In General. In the Eisele group, our research focuses on the fundamental science of self-assembled nanostructures. We are passionate about elucidating light-matter interactions at the nanoscale, with particular emphasis on the complex interplay of structural and optical properties. In our group, we bring together Materials Research and Physical Research approaches. Our research unites
ð Materials Synthesis,
ð Experimental Investigations (Spectroscopy & Microscopy/Nanoscopy), and
ð Theoretical Modeling.
We are particularly interested in fundamental research with potential future applications, especially in the areas of renewable energy, health, and national security. Our research comprehensively combines different disciplines such as engineering, chemistry, physics, material science, and biology.
Specifically. In our lab, we synthesize/create and investigate artificial model systems for light-harvesting (both in solution and on solid substrates) in order to elucidate the fundamental processes that govern nature’s highly efficient photosynthetic masterpieces. Instead of improving the efficiency of current light-harvesting devices, our aim is to learn from nature’s design principles in order to inspire the creation of entirely new architectures that can operate both efficiently and robustly. Our group aims to contribute to a better understanding of energy and electron transport processes in nanoscale systems, which is vital to making new breakthroughs in the development of opto-electronic applications such as photovoltaic devices.
Materials Synthesis in Our Chemistry Laboratories. We create well-defined model systems in solution and on solid substrates. Our preparation methods include microfluidic techniques using low pressure syringe pumps from CETONI GmbH. We are fascinated by the collective phenomena found in self-assembled nanoscale systems such as supra-molecular assemblies (Frenkel exciton systems), semiconductor nanostructures (Wannier exciton systems), metallic nanostructures (plasmonic systems), and the organic/inorganic hybrid materials derived from these nanosystems.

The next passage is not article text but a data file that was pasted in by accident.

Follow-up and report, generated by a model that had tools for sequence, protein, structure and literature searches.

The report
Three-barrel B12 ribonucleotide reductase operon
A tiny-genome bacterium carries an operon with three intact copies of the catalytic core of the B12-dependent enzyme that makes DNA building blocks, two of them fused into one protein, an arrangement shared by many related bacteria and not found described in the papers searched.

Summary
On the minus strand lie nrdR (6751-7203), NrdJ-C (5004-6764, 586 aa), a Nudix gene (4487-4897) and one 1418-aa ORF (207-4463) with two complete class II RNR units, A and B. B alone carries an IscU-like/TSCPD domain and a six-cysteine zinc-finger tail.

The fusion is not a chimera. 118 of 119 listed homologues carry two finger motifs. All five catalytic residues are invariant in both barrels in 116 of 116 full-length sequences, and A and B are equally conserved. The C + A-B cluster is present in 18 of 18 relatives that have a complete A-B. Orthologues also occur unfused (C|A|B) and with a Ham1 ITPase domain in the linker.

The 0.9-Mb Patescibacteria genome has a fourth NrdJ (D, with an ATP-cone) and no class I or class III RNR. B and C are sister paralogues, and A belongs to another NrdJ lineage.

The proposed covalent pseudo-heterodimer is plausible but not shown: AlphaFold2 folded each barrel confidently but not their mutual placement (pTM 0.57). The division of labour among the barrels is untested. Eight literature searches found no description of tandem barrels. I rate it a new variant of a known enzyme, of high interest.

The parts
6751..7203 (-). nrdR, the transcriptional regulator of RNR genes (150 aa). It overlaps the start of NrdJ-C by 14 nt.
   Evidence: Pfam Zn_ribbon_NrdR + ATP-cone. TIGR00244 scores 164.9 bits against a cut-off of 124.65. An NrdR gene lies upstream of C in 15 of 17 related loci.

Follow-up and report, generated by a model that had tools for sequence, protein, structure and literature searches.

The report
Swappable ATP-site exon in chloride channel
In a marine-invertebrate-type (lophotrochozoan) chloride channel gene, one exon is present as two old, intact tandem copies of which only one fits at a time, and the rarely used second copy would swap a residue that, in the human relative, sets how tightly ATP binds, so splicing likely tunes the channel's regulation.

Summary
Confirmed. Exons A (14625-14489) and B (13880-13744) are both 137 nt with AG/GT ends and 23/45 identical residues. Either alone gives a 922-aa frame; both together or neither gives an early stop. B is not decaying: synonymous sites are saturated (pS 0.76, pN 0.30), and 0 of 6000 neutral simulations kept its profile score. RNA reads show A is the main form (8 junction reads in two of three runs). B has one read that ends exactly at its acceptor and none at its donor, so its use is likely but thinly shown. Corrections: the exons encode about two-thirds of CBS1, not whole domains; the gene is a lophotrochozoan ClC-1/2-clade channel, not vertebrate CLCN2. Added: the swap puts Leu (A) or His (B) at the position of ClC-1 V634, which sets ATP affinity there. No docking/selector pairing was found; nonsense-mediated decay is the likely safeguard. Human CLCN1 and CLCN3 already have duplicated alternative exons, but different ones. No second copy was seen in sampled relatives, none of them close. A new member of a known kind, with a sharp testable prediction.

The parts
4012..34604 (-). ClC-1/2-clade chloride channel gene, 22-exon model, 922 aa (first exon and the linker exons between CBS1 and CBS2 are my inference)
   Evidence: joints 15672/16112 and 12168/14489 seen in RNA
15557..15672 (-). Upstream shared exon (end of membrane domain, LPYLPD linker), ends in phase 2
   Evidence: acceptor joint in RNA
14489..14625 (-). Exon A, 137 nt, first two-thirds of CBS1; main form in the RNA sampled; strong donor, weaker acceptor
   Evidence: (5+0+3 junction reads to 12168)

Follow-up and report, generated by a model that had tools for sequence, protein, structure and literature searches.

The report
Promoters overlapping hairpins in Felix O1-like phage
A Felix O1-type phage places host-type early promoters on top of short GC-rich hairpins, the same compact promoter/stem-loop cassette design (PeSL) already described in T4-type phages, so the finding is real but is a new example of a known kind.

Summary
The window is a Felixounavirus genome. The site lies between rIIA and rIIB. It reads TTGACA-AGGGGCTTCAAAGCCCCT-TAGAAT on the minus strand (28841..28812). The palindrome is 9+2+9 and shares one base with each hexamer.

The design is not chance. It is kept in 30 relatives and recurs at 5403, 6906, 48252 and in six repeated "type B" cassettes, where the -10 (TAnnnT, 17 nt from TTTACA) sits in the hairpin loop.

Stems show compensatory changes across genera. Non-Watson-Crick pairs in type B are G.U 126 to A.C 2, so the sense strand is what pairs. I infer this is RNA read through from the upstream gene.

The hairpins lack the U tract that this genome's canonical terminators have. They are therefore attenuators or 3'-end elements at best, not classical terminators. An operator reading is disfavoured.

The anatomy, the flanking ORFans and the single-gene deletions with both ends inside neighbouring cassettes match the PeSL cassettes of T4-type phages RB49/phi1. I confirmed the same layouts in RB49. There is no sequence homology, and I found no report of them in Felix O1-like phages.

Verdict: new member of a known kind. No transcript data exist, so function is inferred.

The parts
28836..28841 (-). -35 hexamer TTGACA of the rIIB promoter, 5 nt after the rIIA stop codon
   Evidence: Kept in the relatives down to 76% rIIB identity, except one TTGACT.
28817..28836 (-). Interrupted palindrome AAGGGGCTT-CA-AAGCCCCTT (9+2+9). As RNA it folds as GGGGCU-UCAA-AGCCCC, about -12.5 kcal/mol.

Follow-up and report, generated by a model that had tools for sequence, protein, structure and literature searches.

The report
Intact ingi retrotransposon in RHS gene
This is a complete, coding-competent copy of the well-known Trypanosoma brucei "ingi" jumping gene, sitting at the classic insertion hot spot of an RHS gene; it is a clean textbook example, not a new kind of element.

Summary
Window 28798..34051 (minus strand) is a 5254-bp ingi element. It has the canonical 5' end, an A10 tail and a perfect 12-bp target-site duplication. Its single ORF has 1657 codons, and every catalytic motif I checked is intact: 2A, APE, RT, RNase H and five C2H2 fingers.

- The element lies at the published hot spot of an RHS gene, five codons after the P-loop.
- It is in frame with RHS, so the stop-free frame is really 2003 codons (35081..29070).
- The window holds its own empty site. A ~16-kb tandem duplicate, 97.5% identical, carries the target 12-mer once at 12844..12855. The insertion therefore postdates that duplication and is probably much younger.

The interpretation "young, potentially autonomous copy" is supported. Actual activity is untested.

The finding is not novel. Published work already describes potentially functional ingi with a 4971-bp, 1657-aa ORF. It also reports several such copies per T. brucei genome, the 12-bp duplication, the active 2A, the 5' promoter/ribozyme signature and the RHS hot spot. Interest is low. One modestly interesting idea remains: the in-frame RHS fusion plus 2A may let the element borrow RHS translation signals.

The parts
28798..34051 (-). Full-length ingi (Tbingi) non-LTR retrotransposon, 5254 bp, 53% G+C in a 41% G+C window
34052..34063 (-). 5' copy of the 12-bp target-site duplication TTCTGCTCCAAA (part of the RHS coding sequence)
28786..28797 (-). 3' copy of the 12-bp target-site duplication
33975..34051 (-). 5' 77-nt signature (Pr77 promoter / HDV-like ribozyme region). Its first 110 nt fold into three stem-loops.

Leading Researchers: Dr. Nikunjkumar Visaveliya, Pooja Gaikwad
Experimental Investigations in Our Nano-imaging and Spectroscopy Laboratory. One of the most challenging aspects of studying self-assembled nanoscale systems is the frequently observed heterogeneity in morphological, structural, and optical properties in ensemble samples. Therefore, a pivotal step to characterize and study self-assembled systems is to apply methods that allow for study of both the ensemble in solution and individual objects. Therefore, we investigate our model systems by employing a comprehensive set of research tools—experimental methods that embrace microscopy and nanoscopy techniques—including Near-field Scanning Optical Microscopy setup from WITec GmbH—combined with steady-state and time-resolved spectroscopy methods including Transient Absorption (TA) spectroscopy.
Leading Researchers: Dr. Christopher W. Leishman, Kara Ng